Abrams writes that her "book is part memoir, part advice, and part alchemy" (p. 209). The "advice" part is expressed in an exercise at the end of each chapter for readers to write and self-analyze -- here are the titles of each:
    1. Ambition Exercise: (fill in the blanks around "What would you do if you had unlimited money?").
    2. Fighting Fear and Otherness
    3. SWOT Analysis: Strengths, Weaknesses, Opportunities, and Threats
    4. Build and Evaluate your Board of Advisers
    5. Money Matters Resources: Personal Finances; Financial Fluency; and Fundraising 101
    6. Trying Again: Making the Most of Mistakes; Know that You Don't Know (and Admit It); Ignorance is Bliss, but Knowledge is Better; Accept Being Wrong and Give Credit for Being Right
    7. And ending with "Stacey's Ambition Spreadsheet" to echo her own spreadsheet of life goals initiated in college.

Stacey Abrams is credited with winning the Senate majority for the Democratic Party in 2021. This 2018 autobiography outlines her general philosophy, not the specifics of how she accomplished that two years later -- for that, see Stacey Abrams' 2020 book!

--Jesse Gordon, OnTheIssues editor-in-chief, April 2021
 OnTheIssues.org excerpts:  (click on issues for details)
Budget & Economy
    White family wealth: $142,000; black family wealth: $11,000.
Civil Rights
    Entered politics in 1992 with Rodney King riots.
    Inspire running for office:You cannot be what you cannot see.
Corporations
    Founded company "Insomnia"; motto "We don't deal with jerks".
Crime
    In 1992 riots, police treated all young blacks as guilty.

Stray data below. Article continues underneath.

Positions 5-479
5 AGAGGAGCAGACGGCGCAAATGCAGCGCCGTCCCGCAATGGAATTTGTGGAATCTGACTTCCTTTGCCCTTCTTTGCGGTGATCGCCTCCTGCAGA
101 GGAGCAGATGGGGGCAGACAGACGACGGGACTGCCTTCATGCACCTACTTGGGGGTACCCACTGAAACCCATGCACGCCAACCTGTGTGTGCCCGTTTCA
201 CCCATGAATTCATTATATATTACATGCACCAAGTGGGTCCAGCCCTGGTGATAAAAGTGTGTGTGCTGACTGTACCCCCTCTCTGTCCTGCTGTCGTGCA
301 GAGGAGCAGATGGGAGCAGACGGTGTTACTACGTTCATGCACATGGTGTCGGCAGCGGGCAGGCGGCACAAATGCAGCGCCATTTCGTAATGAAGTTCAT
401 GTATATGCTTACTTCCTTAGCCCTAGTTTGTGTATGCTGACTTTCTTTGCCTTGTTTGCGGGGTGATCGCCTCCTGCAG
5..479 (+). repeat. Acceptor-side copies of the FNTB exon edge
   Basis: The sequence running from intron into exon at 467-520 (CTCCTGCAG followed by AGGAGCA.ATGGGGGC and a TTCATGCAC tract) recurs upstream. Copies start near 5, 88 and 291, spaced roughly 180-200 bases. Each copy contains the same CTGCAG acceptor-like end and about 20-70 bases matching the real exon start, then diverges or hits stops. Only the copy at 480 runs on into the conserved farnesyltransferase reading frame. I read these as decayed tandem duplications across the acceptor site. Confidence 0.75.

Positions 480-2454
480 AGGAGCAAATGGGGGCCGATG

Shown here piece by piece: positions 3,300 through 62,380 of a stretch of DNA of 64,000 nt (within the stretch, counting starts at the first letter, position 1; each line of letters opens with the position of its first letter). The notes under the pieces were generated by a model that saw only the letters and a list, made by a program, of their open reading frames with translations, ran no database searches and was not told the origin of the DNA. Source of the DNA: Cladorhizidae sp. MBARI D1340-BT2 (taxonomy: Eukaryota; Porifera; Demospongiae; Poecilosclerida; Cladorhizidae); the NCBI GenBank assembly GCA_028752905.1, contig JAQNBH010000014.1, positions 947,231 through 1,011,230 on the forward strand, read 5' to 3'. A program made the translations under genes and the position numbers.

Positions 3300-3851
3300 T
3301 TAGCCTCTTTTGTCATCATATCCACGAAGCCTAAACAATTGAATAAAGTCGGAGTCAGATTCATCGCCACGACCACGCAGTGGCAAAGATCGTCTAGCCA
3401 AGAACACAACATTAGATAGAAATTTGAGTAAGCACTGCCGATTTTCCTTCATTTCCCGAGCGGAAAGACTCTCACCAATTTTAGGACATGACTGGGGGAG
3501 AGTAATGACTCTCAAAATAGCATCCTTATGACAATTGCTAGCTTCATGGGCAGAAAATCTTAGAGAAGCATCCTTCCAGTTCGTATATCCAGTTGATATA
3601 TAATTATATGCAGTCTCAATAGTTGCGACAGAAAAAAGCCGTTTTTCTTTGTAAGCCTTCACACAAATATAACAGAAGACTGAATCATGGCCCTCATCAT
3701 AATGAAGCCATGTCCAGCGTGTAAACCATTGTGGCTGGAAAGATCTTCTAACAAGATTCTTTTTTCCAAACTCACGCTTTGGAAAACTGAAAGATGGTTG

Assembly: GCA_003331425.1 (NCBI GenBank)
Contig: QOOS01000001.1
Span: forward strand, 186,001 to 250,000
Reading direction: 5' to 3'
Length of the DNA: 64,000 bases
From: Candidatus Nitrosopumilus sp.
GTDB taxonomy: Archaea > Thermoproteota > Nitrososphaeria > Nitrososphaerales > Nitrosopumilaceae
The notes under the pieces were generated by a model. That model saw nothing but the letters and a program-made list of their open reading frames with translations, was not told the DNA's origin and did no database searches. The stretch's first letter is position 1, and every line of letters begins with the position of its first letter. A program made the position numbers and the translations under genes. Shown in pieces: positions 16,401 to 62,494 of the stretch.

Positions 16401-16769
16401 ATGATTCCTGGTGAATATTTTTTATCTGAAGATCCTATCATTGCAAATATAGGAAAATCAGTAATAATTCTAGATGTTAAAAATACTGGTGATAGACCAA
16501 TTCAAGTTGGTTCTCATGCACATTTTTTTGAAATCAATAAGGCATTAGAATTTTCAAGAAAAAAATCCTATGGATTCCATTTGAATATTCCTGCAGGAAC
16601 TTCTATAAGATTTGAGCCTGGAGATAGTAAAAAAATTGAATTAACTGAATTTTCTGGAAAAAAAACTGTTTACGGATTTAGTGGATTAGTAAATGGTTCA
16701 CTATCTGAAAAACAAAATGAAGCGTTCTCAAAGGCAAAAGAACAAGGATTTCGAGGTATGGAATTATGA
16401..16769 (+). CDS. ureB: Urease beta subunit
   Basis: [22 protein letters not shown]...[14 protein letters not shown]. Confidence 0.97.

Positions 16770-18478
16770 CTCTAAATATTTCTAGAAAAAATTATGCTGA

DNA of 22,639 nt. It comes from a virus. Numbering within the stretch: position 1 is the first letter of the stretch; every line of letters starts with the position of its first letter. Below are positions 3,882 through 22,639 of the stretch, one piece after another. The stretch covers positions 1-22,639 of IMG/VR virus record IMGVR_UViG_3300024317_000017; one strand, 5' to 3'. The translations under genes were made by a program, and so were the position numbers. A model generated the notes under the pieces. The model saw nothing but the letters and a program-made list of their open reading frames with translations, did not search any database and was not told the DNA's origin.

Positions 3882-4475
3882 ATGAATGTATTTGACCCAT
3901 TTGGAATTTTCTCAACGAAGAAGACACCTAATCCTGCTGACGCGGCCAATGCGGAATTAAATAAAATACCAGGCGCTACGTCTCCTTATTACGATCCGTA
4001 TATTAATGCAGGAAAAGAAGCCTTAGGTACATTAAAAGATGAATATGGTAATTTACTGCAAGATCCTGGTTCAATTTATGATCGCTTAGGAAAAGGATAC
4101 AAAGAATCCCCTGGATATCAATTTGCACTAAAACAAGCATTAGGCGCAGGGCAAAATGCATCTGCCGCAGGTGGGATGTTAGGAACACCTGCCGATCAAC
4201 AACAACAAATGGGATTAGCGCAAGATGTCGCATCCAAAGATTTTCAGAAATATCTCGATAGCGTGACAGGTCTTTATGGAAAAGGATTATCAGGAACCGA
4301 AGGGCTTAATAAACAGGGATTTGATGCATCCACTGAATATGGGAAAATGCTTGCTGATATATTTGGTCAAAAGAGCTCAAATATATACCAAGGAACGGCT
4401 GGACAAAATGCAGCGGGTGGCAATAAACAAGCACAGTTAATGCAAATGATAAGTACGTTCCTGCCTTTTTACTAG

Education
    4-year degree gains white family $55,900 & black only $4,800.
Families & Children
    Government can foster change for families like mine.
Government Reform
    Elections are rigged when poor communities' voting hindered.
    Investigated for registering 86,000 voters in one year.
    Register 75,000 out of 800,000 unregistered people of color.
Principles & Values
    What do I want, and how do I get there?
    First black woman as major party governor nominee.
    Yale Law School; tax attorney and romance novelist.
    The best ideas & the best policies are collaborative.
    Short-sighted leaders have definite opinion about everything.
    I author romance novels, but I'm not married.


The above quotations are from Lead from the Outside
How to Build Your Future and Make Real Change

by Stacey Abrams
.

Logo
All material copyright 1999-2015
by OnTheIssues.org
Reprinting by permission only.

E-mail: submit@OnTheIssues.org
Mail
Send donations or submit quotations to:
OnTheIssues.org
1770 Massachusetts Ave. #630
Cambridge, MA 02140



OnTheIssues.org
Home Page
Most recent quotations Archive of books & debates Candidate Matching Quiz

Page last edited: May 01, 2021